Specific to the legal industry, Robinson believes there will be significant changes in how AI technology is integrated into legal practices over the next 3-5 years. Expect to see increased regulatory scrutiny at the state, national, and international levels, followed by the potential passage of significant national laws governing the development and implementation of AI. In fact, leading organizations like the National Institute of Standards and Technology (NIST) and the International Organization for Standardization (ISO) are working to establish standardized testing and auditing procedures that could lead to national and international standards.

Over the longer term, there will likely be widespread adoption of AI-specific regulations and formalization of laws for liability and accountability. The development of automated compliance tools will help support how AI technologies function and adhere to regulatory standards, which will help legal professionals validate whether AI and GenAI are working as intended and/or within prescribed boundaries.


Ethical Requirements for Legal Professionals

Another area where ethical issues in AI-assisted legal work come into play is professional standards of conduct. Attorneys and even non-attorneys who leverage AI for legal work must uphold certain standards to ensure accurate, unbiased work.

Competence, and specifically technological competence, is covered in the American Bar Association (ABA) Model Rules of Professional Conduct under Rule 1.1. In 2012, the ABA amended Comment 8 of Rule 1.1 to describe how “a lawyer should keep abreast of changes in the law and its practice”—adding the subsequent phrase “including the benefits and risks associated with relevant technology” to the comment. It is important to note that Rule 1.1 and Comment 8 do not require “expertise”. Rather the intent of the language is to ensure that legal counsel is aware and has a basic understanding of the benefits and risks associated with the use of technology. In general, best practice dictates that legal professionals either develop personal expertise or have access to experts who can parse and explain any associated risks and/or benefits.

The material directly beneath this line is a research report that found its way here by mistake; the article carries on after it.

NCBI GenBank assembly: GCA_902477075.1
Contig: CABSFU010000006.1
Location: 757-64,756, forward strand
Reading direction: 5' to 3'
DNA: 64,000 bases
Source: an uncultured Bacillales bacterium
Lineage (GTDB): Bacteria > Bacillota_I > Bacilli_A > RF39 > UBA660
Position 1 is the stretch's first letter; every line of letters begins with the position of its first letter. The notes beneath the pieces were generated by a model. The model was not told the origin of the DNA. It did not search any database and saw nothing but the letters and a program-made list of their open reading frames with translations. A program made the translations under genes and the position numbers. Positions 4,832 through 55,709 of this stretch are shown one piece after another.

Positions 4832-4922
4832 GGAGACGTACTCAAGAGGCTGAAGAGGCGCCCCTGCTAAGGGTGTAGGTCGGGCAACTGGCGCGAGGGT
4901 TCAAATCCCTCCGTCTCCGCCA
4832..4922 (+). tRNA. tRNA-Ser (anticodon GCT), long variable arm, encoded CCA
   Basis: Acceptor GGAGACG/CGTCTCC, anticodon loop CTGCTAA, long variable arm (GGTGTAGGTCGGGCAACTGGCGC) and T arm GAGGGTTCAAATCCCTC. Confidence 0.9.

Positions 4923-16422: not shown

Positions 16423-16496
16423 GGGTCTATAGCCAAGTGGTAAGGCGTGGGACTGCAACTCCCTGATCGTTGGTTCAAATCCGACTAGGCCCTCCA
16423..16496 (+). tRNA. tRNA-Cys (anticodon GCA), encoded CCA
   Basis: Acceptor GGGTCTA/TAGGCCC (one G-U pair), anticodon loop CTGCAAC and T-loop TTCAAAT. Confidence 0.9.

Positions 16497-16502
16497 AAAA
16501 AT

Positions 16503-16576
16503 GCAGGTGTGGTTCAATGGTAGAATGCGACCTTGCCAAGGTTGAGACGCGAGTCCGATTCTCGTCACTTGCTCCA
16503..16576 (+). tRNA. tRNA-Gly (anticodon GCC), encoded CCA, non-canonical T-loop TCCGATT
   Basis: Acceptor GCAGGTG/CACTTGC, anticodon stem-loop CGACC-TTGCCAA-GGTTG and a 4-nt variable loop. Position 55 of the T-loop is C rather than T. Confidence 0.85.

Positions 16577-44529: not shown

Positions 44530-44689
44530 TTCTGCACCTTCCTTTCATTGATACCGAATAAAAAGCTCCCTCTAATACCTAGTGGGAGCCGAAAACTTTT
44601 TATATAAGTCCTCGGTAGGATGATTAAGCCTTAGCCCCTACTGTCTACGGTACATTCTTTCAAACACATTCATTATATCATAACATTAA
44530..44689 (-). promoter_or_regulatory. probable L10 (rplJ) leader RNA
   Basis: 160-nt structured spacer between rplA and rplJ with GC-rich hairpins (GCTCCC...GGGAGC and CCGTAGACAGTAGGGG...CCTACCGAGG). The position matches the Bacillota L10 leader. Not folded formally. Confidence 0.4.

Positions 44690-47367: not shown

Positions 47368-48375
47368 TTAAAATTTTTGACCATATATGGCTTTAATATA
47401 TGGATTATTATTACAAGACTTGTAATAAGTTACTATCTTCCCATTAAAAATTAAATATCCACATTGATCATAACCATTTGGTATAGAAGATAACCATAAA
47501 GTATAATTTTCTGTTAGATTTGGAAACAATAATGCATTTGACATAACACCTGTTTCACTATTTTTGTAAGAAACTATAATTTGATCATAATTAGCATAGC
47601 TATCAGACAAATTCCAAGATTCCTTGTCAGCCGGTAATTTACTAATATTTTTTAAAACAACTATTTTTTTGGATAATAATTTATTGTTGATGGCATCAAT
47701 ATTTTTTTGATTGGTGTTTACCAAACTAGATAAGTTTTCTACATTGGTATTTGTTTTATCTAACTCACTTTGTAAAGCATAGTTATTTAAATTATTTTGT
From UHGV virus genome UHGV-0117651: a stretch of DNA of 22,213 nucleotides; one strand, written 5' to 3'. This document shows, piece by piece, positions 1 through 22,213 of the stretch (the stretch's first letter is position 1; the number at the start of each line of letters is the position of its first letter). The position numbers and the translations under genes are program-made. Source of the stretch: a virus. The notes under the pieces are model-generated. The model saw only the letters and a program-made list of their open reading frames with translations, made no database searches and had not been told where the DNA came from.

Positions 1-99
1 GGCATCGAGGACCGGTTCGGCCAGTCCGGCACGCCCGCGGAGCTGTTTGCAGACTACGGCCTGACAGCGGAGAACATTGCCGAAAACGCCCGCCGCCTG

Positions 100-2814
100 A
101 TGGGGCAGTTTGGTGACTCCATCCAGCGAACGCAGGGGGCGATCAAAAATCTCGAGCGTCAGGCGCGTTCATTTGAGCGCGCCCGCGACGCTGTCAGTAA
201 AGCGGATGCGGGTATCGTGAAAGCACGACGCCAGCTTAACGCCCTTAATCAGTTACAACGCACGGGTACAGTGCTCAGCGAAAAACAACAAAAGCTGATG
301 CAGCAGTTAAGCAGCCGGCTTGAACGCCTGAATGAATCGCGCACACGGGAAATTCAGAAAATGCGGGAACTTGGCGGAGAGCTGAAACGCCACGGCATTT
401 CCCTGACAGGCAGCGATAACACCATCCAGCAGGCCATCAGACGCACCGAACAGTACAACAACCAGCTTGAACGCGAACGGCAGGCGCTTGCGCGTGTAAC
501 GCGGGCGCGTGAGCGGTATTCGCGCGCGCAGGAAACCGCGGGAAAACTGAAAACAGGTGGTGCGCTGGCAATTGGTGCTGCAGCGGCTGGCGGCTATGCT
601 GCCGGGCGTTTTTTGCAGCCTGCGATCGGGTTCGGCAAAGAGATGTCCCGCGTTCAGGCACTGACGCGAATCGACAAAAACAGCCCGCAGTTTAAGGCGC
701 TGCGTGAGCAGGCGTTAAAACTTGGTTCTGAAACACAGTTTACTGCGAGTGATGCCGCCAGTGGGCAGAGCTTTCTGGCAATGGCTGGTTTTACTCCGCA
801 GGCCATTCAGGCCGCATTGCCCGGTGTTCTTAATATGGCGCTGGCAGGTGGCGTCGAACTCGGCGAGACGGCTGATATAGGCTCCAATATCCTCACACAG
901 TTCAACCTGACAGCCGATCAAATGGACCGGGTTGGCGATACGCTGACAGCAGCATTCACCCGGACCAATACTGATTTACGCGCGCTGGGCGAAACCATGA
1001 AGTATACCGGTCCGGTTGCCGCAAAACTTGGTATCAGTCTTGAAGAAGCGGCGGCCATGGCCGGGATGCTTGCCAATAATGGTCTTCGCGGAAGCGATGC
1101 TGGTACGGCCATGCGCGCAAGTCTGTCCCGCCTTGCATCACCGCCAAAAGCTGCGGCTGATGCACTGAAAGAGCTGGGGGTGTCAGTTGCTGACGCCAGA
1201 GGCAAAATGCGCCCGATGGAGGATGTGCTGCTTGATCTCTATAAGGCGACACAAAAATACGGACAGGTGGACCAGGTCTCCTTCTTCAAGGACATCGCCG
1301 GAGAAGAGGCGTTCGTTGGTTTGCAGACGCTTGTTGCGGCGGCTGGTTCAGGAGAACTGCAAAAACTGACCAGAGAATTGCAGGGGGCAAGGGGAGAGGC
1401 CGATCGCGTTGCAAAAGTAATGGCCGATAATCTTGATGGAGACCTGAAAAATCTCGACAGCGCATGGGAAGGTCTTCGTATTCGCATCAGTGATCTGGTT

To date, 40 states have adopted this duty of technological competence into their local rules. The shift represents a major step in encouraging lawyers to better understand technology and AI. However, technical competence does not equate to ethical responsibility and a legal professional’s ethical duties extend beyond competence.

“Within this conversation, there is a requirement under the rules of ethics to communicate to our clients,” Robinson said. “When technologies are being leveraged, the attorney has a duty to communicate this to their client.”

Model Rule 1.4 about communications in the client-lawyer relationship specifies a lawyer shall:

  • “Consult with the client about the means by which the client’s objectives are to be accomplished” (1.4.a.2)

  • “Explain a matter to the extent reasonably necessary to permit the client to make informed decisions regarding the representation” (1.4.b)

According to Robinson, a lawyer should explain the objective(s) AI involvement would achieve, the anticipated costs, and any benefits, risks, or drawbacks to using AI.



Take a deeper dive into this topic by listening to a webinar recording about AI’s impact on eDiscovery hosted by Eric Robinson.

Gain insights into how far AI has come, how AI is transforming legal discovery, and what the near future may hold for the legal and legal technology professions.

Watch the Recording